The purity movement didn’t address things like the dangers of sexual anorexia, male chauvinism, the prevalence of sexual abuse, or the path to healing. The movement didn’t acknowledge that marriage is less like a chic-flick and more like Baptism. Instead it only spoke of marital sex in order to promote a prosperity gospel that promises sexual bliss for the price of pre-marital abstinence. Empty promises were given, like, “If you don’t have sex before marriage, you will enjoy it so much more once you have it.” In addition to this, we must not forget the “petal plucking” philosophy which states that virginity is a rose and every romantic experience is plucking a petal off of that rose…on your wedding night don’t you want more than a stem to offer your spouse? Furthermore, no one explained what the poor little flower supposedly looked like the morning after the wedding. After all, if they got you to the wedding pure, you were on your own.
Even if a young Christian adult was strong enough or sheltered enough to avoid sex before marriage, many have been left to walk into marriage with all of the same polluted ideas of sex that they learned from the culture but with a hovering sense of guilt that sex is morally bad. Sadly, some learned this not just from the culture but from their “purity” promoting parents. Many Christian men were not taught that hedonism is false and to learn self-control; they were taught that hedonism is true but delayed gratification is more pleasurable. Wait for the wedding night, then have sex whenever you want. Many women were not taught that sex is for them too; they were taught female subjugation and that the real value of sex is the power to keep your husband. Don’t ever say “yes” to a boyfriend and don’t ever say “no” to a husband. A man will not stay with you if you don’t give him his pleasure, but nor will he buy the cow if the milk is free. I can’t even repeat that phrase without gagging a little. Comparing marriage to the purchase of livestock is just icky.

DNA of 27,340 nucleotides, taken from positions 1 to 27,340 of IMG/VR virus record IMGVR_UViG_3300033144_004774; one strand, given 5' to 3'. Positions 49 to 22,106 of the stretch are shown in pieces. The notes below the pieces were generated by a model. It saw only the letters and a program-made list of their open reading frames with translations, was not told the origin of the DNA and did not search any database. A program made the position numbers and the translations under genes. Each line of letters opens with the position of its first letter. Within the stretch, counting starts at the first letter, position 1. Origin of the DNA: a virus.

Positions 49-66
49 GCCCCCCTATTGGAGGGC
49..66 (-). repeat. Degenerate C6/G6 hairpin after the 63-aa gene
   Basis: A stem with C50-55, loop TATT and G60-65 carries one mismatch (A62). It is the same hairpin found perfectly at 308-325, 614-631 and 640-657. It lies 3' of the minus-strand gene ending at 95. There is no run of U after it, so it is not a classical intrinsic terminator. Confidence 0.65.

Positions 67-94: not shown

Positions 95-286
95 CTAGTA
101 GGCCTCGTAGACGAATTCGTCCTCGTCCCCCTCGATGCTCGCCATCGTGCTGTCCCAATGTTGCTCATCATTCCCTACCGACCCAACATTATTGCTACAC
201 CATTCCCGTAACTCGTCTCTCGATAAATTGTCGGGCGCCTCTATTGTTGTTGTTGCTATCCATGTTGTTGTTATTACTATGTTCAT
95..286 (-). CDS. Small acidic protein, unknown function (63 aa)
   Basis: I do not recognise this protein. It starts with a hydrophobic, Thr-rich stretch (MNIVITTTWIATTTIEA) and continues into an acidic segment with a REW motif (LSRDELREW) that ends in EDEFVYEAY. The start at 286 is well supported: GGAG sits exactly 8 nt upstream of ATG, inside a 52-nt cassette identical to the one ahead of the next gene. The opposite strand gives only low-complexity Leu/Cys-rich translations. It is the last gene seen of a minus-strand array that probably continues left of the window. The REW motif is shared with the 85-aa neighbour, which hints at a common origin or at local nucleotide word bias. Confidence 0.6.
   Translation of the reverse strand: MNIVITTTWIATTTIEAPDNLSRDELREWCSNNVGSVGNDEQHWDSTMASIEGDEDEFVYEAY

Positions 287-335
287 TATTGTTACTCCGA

The purity movement didn’t speak out against marital utilitarianism like that found in Dr. Laura’s book, “The Proper Care and Feeding of Husbands.” They didn’t address how placating men by debasing women is degrading to both sexes. For some her book is even considered good ol’ practical advice for a Christian home. I even read a review that described it as “a wonderful instruction manual on how to carry out the New Testament’s principles for wives.” In addition to this, consider that the Scripture refers to marriage as an image of Christ and His Church. Can you imagine how disturbing it would be to read a theological book entitled, “The Proper Care and Feeding of God”? This would be disturbing because God is a Person! I’m sure such a book would include all the necessary prayers and actions required to keep a simple God placated into not abandoning His people. It is philosophies like these that continue to poison our marriages. Men are not beasts or loyal pets. Women are not mere things – even pure things.
To call this a “purity” movement is a misnomer – this was a “virginity” movement. We taught people about abstinence; we taught them nothing about sex. Even worse, we taught them nothing about grace, about forgiveness, about salvation, about healing. We did not teach them how to love their spouse, we taught them how to keep record of wrongs. We did not teach them sacrifice, but mutual jealousy. We gave them a movie plot that ends with a wedding. But the altar is not meant to be a finish but a beginning: the beginning of a life of sanctification with another person. Marriage is like Baptism. Baptism is not where we demonstrate our purity, it is where we wash off our sins. Marriage is a place where we learn to love a sinner and so become less sinful ourselves. It is a place where we may be so loved by a sinner that we realize we can’t begin to glimpse the kind of love God must have for us.